Short for “Matrix Laboratory”, MATLAB is used widely in academia/research, and common in certain fields of engineering like the automotive, aerospace, and medical device industries. MATLAB is great for solving complex mathematical problems, and offers unmatched features when it comes to visualising multidimensional data. A free cloud IDE ‘clone’ of MATLAB known as Octave is available for individual users online, though MATLAB does not offer a free platform for unlimited personal use.


Which solutions are good for citizen data scientists?

These tools are targeted heavily towards users without direct programming experience, and offer a range of out-of-the-box tools for building machine learning models without complex prerequisite knowledge. However, they may not offer the ability to directly write code within the platform itself, limiting flexibility and the range of custom advanced techniques possible for more technical users. That being said, Python/R integration for citizen data science tools is sometimes available in the form of platform administration, and modifying resources or running tasks (etc.) through an API.

Azure Machine Learning

Microsoft is well known for seamlessly integrating their product offerings with each other, making Azure Machine Learning an attractive option for users who are already working in an existing Azure stack. 

Azure Machine Learning’s main offering is the ability to build predictive models in-browser using a point-and-click GUI. Though the ability to write code directly in the platform is not available, specialised data scientists will be excited by Microsoft’s Python integration. The Azure ML library for Python allows users to normalise and transform data in Python themselves using familiar syntax, and call Azure Machine Learning models as needed using loops. Not only this, but Azure Machine Learning also integrates with existing Python ML packages (including scikit-learn, TensorFlow and PyTorch). For users familiar with these tools, distributed cloud resources can be used to productionise results at scale, just like any other experiment. 

As of the writing of this article, Azure Machine Learning also offers an SDK for R in a public preview (i.e. non-productionisable) mode, which is expected to improve over time.

H2O Driverless AI

H2O Driverless AI is the main commercial enterprise offering of the company, offering automated AI with some pretty in-depth algorithms, including advanced features like natural language processing. A strong focus on model interpretability gives users multiple options for visualising algorithms in charts, decision trees, and flowcharts. are already well-known in industry for their fully open-source ML platform H2O, which can be accessed as a package through existing languages like Python and R, or in notebook format. H2O Driverless AI and H2O currently exist as fairly separate products, though there is potential for these to be further integrated in the future. Partnerships with multiple cloud infrastructure providers (including AWS, Microsoft, Google Cloud and Snowflake) make H2o Driverless AI a product to watch in the coming years.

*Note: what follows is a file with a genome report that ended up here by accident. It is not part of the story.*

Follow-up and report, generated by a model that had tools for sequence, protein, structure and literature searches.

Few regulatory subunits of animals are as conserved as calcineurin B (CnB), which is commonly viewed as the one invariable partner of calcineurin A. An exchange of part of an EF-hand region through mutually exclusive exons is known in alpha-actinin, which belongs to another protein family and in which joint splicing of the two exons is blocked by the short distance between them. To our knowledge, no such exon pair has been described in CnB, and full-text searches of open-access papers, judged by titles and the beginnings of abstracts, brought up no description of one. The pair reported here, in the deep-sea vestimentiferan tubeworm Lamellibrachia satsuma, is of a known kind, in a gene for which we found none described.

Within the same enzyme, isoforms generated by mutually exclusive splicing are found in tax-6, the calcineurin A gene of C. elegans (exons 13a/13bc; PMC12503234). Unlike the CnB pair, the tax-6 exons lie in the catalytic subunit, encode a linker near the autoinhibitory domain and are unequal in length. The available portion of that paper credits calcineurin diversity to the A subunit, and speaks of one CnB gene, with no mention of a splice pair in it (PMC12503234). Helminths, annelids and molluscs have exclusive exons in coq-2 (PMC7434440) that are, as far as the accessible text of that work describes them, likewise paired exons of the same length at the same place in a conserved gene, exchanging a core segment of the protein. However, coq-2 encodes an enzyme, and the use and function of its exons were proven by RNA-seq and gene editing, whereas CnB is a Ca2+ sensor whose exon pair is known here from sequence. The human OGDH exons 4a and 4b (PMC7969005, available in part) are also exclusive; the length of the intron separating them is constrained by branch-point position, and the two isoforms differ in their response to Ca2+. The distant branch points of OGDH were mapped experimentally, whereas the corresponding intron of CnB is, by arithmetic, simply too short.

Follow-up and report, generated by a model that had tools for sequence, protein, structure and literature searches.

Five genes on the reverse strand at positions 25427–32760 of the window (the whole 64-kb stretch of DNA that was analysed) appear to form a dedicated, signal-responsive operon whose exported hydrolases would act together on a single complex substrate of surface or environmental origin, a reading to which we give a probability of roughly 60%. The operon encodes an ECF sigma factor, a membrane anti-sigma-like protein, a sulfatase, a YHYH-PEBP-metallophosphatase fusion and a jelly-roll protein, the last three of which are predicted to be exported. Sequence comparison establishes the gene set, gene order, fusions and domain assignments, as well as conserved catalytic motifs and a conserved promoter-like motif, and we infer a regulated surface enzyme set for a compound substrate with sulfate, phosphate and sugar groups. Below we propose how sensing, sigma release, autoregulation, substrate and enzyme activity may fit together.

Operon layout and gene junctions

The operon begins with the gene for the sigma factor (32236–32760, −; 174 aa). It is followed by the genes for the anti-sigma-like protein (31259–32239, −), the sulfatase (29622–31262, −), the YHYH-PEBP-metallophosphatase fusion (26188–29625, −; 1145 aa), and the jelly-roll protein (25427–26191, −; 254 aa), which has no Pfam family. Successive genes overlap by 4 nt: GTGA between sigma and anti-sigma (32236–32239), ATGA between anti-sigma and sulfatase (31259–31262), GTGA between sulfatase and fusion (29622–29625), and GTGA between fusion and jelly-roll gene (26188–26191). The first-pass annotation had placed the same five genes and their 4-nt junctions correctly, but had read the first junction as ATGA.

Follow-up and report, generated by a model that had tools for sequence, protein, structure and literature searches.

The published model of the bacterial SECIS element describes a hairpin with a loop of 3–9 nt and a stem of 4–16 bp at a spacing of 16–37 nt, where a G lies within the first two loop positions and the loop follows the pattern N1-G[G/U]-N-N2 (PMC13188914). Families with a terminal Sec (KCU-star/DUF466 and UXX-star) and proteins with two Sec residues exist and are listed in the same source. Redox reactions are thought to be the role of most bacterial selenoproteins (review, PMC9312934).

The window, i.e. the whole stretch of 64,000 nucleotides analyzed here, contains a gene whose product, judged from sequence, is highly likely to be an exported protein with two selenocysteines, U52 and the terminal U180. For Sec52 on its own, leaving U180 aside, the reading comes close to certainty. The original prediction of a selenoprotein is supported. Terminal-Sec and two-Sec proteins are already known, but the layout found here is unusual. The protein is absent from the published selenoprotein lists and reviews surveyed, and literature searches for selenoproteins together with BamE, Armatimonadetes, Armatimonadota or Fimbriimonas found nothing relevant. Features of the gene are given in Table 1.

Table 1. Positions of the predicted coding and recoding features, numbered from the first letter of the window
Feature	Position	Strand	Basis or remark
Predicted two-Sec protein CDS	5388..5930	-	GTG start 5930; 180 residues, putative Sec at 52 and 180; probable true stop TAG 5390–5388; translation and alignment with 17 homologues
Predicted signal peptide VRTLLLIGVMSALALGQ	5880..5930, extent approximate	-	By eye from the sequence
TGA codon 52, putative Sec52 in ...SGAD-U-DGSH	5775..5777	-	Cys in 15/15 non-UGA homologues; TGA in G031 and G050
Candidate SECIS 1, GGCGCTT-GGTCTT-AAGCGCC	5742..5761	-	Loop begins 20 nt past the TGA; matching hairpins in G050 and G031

DataRobot offers a tool which is intended to empower business users to build predictive models through a streamlined point-and-click GUI. The tool focusses very heavily on model explainability, by generating flowcharts for data normalisation and automated visuals for assessing model outcomes. These out-of-the-box visuals include important exploratory charts like ROC curves, confusion matrices and feature impact charts. 

DataRobot’s end-to-end capabilities were significantly bolstered by the company’s acquisition of Paxata (a data preparation platform) in December 2019, which has since been integrated with the DataRobot predictive platform. The company also boasts some big name partnerships, including Qlik, Tableau, Looker, Snowflake, AWS, and Alteryx.

DataRobot does offer Python and R packages, which allow many of the service’s predictive features to be called through code, though the ability to directly write code in the DataRobot platform and collaborate with citizen data scientist users is not currently available (as of the writing of this article). DataRobot’s new MLOps service also provides the ability to deploy independent models written in Python/R (in addition to models developed in DataRobot), as part of a robust operations platform which includes deployment tests, integrated source control, and the ability to track model drift over time.

Which solutions are in the “Goldilocks Zone”?

Not too hot, not too cold, but just right – these are the platforms which achieve a mix between being loved by techies and non-techies alike. This middle ground offers a strong focus on citizen data science users and heavy integration with programming languages, allowing for flexibility and in-platform collaboration between people who can code, and people who can’t.


RapidMiner Studio is a drag & drop GUI-based tool for building predictive analytics solutions, with a free version providing analysis of up to 10,000 rows. In-database querying and processing are available through the GUI, but programmers/analysts also have the option to query in SQL code. The ETL process is handled by Turbo Prep, which offers point & click data preparation (as well as a direct export to .qvx, for users who want to import results into Qlik).

The cool thing about RapidMiner is the integration with Python & R modules, available as supported extensions in the RapidMiner Marketplace, through which coders & non-coders can both collaborate on the same project. For coders working on a local Python instance, the RapidMiner library in Python also allows for administration of projects and resources of a RapidMiner instance. For cloud-based scaling of models, RapidMiner also allows containerisation using Docker and Kubernetes.